Famine, Affluence, and Morality author Peter Singer emphasized the importance of benevolence and generosity toward those who were impoverished and destitute. I’ll start by going over the basics of Singer’s arguments in this paper. Second, I’ll attempt to evaluate Singer’s arguments in terms of moral considerations. Following that, I’ll defend my position on Singer’s omission of the aforementioned moral considerations. Principally, in the article, Singer argues that the affluent in the society should give away their wealth until such a point when by giving more they would be causing as much suffering to themselves and their dependents or such a point until they will be compelled to sacrifice something that is morally important to them. He prevails that one of the fundamental duties of the human beings is to extend a helping hand to the others in the community who may be in need. However, he issues a caveat with regard to beneficence in stating that generosity should be extended “without sacrificing anything of comparable moral importance” (Singer 231). Essentially, Singer predicates that human beings have a moral duty to extend help to victims of famine. It should therefore be a matter of necessity rather than choice. The basic principle in these assertions is that, the affluent in the society act immorally by choosing not to share significant portions of their wealth with individuals who face famine and poverty.
In forwarding his sentiments, Singer overlooks the moral consideration that constant benevolence is self-defeating. Just because the affluent have the resources that would enable them to extend help to the starving, it is not necessary that this is the decision that they should engage. Recent times have seen an increase in the reinforcement of the self-defeating effect of generosity. To begin with, individuals who are the subject of constant generosity, tend to become unproductive. The premise engaged in such circumstances alludes to the development of lethargically-inspired actions which further negate the wellbeing of the suffering in the society. Essentially, people became more comfortable with their situation s when they are assured of help in the event of a famine. Therefore, aid negates initiative which is far more detrimental in the long run. To promote the balance of happiness, it is necessary for each and every individual to be working towards their own sustenance (Singer 238).
Overall, aid becomes ineffective if it only serves to temporarily mitigate famine in a given region. Thus, instead of allowing continued beneficence to the poverty-stricken, such initiatives should be curtailed in order to encourage the afflicted individuals to determine ways through which they can prevent the recurrence of the same in the future. This premise is aligned towards the notion that famine relief funds do not solve the problems of the afflicted but rather postpone the manifestation of the same in the future. It is most likely that by extending relief to the victims in Bengal, they will only be encouraged to solicit assistance rather than channel their efforts towards the complete eradication of the famine from the region. Intrinsically, this argument provides a succinct explanation for the continued cases of famine in the regions that have been facing such a challenge for the past 20 years. Famine in regions such as Sudan have been a common feature of the given society since independence but up to date comprise one of the major causes of death in the regions. This attests to the negative implications of aid in regions afflicted by famine. It is therefore a plausible explanation that the reason behind the manifestation of such occurrences has its roots in the constant aid that is extended to such individuals.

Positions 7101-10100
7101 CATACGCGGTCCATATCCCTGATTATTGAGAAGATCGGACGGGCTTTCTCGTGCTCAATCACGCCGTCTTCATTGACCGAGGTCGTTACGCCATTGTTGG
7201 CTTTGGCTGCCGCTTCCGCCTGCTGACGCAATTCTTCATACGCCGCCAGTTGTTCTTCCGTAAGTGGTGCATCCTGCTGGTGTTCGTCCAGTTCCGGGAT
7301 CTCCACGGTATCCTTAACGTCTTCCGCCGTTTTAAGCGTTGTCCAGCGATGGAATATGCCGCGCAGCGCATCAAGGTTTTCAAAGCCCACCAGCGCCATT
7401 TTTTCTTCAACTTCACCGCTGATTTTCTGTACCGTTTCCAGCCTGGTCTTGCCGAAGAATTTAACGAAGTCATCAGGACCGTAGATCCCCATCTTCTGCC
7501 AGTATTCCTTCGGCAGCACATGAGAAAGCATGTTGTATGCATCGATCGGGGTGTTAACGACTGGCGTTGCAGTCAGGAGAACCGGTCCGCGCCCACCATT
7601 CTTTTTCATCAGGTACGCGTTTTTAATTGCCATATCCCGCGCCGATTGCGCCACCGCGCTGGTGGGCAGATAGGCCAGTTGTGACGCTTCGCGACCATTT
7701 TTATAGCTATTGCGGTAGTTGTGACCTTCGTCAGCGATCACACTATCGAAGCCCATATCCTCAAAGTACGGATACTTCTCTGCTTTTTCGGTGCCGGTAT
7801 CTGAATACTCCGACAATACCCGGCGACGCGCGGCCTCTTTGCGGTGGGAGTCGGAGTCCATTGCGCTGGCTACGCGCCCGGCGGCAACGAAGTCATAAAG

Indeed, recurring famine comprises a common feature in developing countries. Such countries have, for a long time, been the beneficiaries of foreign aid from developed countries as well as international relief organizations such as the United Nations (UN). However, these countries continue to grapple with famine. Principally, 20 or 30 years later, such countries have not been able to determine policies that specifically address the recurrence of famine in the regions. This is a consequence of the lethargy that the leaders and residents of the afflicted extend towards famine mitigation efforts. Given their awareness of the availability of aid when they require it, many of the residents do not take it upon themselves to collectively determine frameworks that will eradicate famine in their regions. Aid in such regions serves the purpose of curtailing famine at the given moment. However, this is merely the postponement of famine in the regions for without proper prevention mechanics, famine will continue to beleaguer the residents.
Conclusively. Singer’s argument overlooks basic moral considerations. In reinforcing the need to give until such a point when one would be subjecting themselves and their dependents to harm overlooks the implications of such an initiative on the afflicted. An increase in aid, curtails the initiatives and willingness of the poverty-stricken to fight their circumstance. In the knowledge that they will be extended help when they are in need, such individuals do not feel the need to work hard to alleviate their penurious situations.
Singer, Peter. “Famine, Affluence and Morality.” Philosophy & Public Affairs 1.3 (1972): 229-243.